The law governing property division(link to “Property Division FAQs”) between spouses or de facto couples is Part VIII of the Family Law Act, 1975 (FLA).  The law provides guidelines for the courts to use when dividing property.  There are a number of factors the court will consider and which couples should know about.  Below is a list of some considerations.

Think about the children

Before even entering into the fight, divorcing couples should consider their children when dividing up property.   It might be more “fair” to sell the marital home, but parents (if they can afford to) should also consider the impact of this change on the children.   If parents are going to share parenting time, they should think about what children will need in each home and also divide accordingly.  If one parent is moving to a smaller home, he or she might not have space for so much furniture, so why demand it just for the sake of being fair.  Both parents should consider the physical and emotional needs of their children, not just what they themselves believe they are entitled to receive.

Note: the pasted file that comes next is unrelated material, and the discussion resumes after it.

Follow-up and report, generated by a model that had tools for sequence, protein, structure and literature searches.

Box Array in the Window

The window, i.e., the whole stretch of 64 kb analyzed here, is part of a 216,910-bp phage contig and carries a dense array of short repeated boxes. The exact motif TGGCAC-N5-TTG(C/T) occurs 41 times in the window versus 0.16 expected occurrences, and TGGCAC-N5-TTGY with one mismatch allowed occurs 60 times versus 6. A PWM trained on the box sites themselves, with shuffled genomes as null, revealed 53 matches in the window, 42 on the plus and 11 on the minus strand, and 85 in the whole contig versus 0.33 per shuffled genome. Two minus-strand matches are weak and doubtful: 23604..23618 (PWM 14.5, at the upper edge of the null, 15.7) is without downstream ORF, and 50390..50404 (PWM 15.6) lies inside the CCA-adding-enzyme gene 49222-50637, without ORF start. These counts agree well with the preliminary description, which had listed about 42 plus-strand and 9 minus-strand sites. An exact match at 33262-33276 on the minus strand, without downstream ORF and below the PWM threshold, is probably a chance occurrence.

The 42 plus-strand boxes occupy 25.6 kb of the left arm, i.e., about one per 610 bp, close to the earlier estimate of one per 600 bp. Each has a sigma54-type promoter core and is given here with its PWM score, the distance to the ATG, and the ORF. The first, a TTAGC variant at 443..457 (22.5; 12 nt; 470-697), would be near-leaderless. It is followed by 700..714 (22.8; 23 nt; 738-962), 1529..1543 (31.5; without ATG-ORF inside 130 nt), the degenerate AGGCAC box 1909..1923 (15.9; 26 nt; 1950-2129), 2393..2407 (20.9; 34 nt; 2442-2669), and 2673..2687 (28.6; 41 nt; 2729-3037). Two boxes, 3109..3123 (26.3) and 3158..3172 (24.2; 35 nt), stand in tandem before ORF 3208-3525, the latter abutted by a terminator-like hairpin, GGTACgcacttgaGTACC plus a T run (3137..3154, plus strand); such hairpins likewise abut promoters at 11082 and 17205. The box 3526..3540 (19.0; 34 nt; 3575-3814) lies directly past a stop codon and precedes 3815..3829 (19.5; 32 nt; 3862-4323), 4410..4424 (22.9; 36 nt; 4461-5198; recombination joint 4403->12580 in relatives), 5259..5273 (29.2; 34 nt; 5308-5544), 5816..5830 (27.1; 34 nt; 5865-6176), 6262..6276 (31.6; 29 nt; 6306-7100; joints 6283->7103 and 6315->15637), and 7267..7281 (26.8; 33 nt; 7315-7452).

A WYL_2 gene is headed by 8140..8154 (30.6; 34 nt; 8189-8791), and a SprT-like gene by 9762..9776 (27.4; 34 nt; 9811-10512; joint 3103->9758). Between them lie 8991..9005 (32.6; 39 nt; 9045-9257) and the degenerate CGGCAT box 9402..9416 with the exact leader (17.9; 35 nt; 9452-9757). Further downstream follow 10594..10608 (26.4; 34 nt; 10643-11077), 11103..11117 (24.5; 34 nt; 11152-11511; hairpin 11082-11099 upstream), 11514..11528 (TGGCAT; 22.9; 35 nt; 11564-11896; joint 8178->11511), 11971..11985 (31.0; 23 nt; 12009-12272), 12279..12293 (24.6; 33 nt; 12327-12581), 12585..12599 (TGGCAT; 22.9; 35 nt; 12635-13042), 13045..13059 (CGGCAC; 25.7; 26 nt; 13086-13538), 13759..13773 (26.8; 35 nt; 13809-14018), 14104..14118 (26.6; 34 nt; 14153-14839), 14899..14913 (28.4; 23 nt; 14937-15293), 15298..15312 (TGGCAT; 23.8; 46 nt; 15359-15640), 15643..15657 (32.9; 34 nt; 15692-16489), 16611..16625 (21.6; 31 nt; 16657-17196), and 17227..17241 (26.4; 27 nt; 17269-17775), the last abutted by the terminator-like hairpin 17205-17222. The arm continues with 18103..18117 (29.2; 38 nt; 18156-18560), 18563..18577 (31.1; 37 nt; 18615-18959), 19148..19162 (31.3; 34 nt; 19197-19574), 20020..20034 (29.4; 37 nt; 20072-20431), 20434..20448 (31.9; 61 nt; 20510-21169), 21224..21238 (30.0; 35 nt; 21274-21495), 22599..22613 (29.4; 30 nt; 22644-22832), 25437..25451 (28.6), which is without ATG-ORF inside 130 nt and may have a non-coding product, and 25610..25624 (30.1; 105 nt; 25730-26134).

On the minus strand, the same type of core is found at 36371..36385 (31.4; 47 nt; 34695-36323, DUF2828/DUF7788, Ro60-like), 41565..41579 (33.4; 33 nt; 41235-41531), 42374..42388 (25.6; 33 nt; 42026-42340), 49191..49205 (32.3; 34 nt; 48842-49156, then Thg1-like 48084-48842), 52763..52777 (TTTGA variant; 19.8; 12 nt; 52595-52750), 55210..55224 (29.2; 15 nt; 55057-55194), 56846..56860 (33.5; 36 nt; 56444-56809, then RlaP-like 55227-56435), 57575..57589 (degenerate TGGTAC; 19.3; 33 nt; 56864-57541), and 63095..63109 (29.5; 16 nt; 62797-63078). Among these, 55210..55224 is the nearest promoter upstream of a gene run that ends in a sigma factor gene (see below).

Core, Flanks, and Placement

Depreciation of ownership rights

Over time, the contribution of the person who brought the property decreases and the contribution of the other partner increases.  For example, one person may have purchased the house prior to the marriage, but the other partner paid most of the mortgage on it for the next 20 years.  The investment in the house may be equal by the time the couple splits up and the court will consider this relevant in making an equitable distribution.

The value of the property when it was acquired.